Science - 2018-19

ES.2 - Scientific Reasoning & Logic

The student will demonstrate an understanding of the nature of science and scientific reasoning and logic. Key concepts include
a) science explains and predicts the interactions and dynamics of complex Earth systems;
b) evidence is required to evaluate hypotheses and explanations;
c) observation and logic are essential for reaching a conclusion; and
d) evidence is evaluated for scientific theories.

Bloom's Level:  Apply

Adopted: 2010


  • Earth scientists use repeatable observations and testable ideas to understand and explain our planet.
  • Earth is in a constant state of change. This change is both constructive and destructive.

  • I can explain what certain weather events mean about the climate change.
  • I can determine which brand of laundry detergent gets my clothes the cleanest.
  • I can choose a city in which to live that is less likely to experience an earthquake.


  • Earth is a dynamic system, and all atmospheric, lithospheric, and hydrospheric processes interrelate and influence one another.
  • A hypothesis is a tentative explanation that accounts for a set of facts and can be tested by further investigation. Only hypotheses that are testable are valid. A hypothesis can be supported, modified, or rejected based on collected data. Experiments are designed to test hypotheses.
  • Scientific theories are systematic sets of concepts that offer explanations for observed patterns in nature. Theories provide frameworks for relating data and guiding future research. Theories may change as new data become available. Any valid scientific theory has passed tests designed to invalidate it.
  • There can be more than one scientific explanation for phenomena. However, with competing explanations, generally one idea will eventually supersede the other as new tools, new observations, and verified data become available.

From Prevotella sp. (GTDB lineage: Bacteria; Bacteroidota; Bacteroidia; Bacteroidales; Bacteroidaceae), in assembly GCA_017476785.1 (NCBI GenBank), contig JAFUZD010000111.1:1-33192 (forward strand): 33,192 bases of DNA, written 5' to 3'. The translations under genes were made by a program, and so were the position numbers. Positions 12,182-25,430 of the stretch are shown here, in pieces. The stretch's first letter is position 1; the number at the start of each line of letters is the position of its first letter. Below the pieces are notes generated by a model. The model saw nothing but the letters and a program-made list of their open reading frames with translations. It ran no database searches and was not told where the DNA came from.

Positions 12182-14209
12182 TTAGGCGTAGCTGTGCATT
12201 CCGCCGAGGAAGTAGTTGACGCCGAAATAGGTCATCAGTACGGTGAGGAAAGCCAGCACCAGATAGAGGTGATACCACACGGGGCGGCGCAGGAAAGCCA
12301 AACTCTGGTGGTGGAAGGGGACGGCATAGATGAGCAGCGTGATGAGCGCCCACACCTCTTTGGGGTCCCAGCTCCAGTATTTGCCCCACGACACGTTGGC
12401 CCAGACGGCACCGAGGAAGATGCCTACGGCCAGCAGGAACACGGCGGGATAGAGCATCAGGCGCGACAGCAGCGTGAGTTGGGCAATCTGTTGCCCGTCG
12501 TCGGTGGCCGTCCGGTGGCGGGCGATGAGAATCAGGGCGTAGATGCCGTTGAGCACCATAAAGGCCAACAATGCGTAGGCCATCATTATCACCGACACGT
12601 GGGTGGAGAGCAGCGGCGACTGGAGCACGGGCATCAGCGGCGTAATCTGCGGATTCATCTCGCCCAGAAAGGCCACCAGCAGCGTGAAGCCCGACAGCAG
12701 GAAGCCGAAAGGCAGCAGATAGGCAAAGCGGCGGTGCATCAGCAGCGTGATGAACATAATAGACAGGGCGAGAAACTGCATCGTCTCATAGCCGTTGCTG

• Changing relevant variables will generally change the outcome. 
  • Scientific laws are generalizations of observational data that describe patterns and relationships. Laws may change as new data become available. 


In order to meet this standard, it is expected that students will

a)  analyze how natural processes explain multiple aspects of Earth systems and their interactions (e.g., storms, earthquakes, volcanic eruptions, floods, climate, mountain chains and landforms, geological formations and stratigraphy, fossils) can be used to make predictions of future interactions and allow scientific explanations for what has happened in the past.

     make predictions, using scientific data and data analysis.

b)  use data to support or reject a hypothesis.

     differentiate between systematically-obtained, verifiable data and unfounded claims. 

c)  evaluate statements to determine if systematic science is used correctly, consistently, thoroughly, and in the proper context. 

     distinguish between examples of observations and inferences.

d)  explain how scientific methodology is used to support, refute, or improve scientific theories.

     contrast the formal, scientific use of the term “theory” with the everyday nontechnical usage of “theory.”

     compare and contrast hypotheses, theories, and scientific laws. For example, students should be able to compare/contrast the Law of Superposition and the Theory of Plate Tectonics.


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Updated: May 30, 2018